The service sector is one of the fastest growing sectors in India. Contribution of this sector in gross value addition in Indian economy was 52.97% during the financial year 2014-15 (Planning Commission 2015). India witnessed a rapid expansion in this sector after the liberalisation of the economy in 1991. The main reason for such rapid growth is due to the huge knowledge base and high inflow of foreign investment (Mukherjee 2013). Foreign direct investment has a great role to play in the overall development of the Indian economy. It brought technological gradation with it and encouraged the growth of several sectors including the service sector (Sirari & Bohra 2011).
Growth of service sector before 1991
Post-independence the government of India took policies that protected the economy of the country from colonialism with strong emphasis on import substitution and self-reliance. The service industry grew eventually even though the government concentrated mainly on the agricultural and the industrial sector during the first and the second five year plan (Mukherjee 2013). In 1980’s there was a huge growth acceleration of the service sector with a maximum growth rate of 7.9%. However the growth declined followed by a depression due to the Gulf War (Chanda & Gupta 2011).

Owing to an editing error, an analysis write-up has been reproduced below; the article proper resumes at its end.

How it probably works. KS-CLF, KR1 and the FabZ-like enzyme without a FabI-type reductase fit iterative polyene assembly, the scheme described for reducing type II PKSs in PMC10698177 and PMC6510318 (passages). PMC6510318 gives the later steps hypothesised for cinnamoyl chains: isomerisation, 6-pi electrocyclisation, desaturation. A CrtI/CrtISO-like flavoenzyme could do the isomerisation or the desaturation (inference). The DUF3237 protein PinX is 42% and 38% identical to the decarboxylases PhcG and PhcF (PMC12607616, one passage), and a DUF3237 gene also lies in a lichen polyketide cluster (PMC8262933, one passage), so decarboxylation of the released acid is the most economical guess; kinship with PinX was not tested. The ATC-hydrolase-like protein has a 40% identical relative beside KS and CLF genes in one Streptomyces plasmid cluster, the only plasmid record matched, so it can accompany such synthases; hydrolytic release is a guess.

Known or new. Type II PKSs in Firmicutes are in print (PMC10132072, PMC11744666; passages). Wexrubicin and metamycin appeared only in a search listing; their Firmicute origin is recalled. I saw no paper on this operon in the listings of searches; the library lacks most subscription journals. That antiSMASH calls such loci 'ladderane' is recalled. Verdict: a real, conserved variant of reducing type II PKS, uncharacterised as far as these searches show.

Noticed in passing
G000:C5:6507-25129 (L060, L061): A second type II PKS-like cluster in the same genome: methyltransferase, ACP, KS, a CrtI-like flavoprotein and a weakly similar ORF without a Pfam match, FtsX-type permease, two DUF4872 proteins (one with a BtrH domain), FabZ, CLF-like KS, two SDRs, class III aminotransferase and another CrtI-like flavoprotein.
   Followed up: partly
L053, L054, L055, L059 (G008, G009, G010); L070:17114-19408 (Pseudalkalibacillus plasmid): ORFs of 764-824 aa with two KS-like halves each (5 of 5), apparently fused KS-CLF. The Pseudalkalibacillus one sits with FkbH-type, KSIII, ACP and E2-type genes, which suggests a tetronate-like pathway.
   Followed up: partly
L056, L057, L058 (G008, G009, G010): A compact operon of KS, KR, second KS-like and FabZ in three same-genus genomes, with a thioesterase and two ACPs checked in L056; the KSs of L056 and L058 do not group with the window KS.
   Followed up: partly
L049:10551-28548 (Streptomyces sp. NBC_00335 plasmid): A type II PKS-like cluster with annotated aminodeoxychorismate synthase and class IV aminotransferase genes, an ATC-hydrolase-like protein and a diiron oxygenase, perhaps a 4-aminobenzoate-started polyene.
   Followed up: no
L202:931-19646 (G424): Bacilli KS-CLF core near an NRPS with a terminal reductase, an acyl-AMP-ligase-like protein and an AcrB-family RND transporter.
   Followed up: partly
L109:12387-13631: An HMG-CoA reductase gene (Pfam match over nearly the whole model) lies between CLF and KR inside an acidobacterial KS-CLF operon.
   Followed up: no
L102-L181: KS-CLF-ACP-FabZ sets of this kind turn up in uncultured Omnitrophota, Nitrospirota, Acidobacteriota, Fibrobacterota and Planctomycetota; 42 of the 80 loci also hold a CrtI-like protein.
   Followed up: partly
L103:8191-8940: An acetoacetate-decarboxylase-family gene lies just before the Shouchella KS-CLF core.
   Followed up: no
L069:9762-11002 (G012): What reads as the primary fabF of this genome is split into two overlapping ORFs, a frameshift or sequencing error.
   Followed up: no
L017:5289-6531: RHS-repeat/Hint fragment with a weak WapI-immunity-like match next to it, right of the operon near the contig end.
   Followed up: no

The contribution of service sector to employment was 16 percent of the total labour force in 1970-71 which was a total mismatch to the growth rate of the economy. Most of the employees were engaged in the low productive agricultural sector. The unskilled labour was not absorbed by the service industries resulting to the low rate of employment in this sector.
Rapid growth after 1991
The finance minister and the financial committee during 1991 reformed the Indian economy allowing foreign investment in various sectors of the Indian economy. After 1991, the service industry emerged as the hub of foreign investors leading to the immense growth. The reforms benefited both foreign and locally-owned manufacturing firms but the effects on foreign firms tended to be stronger.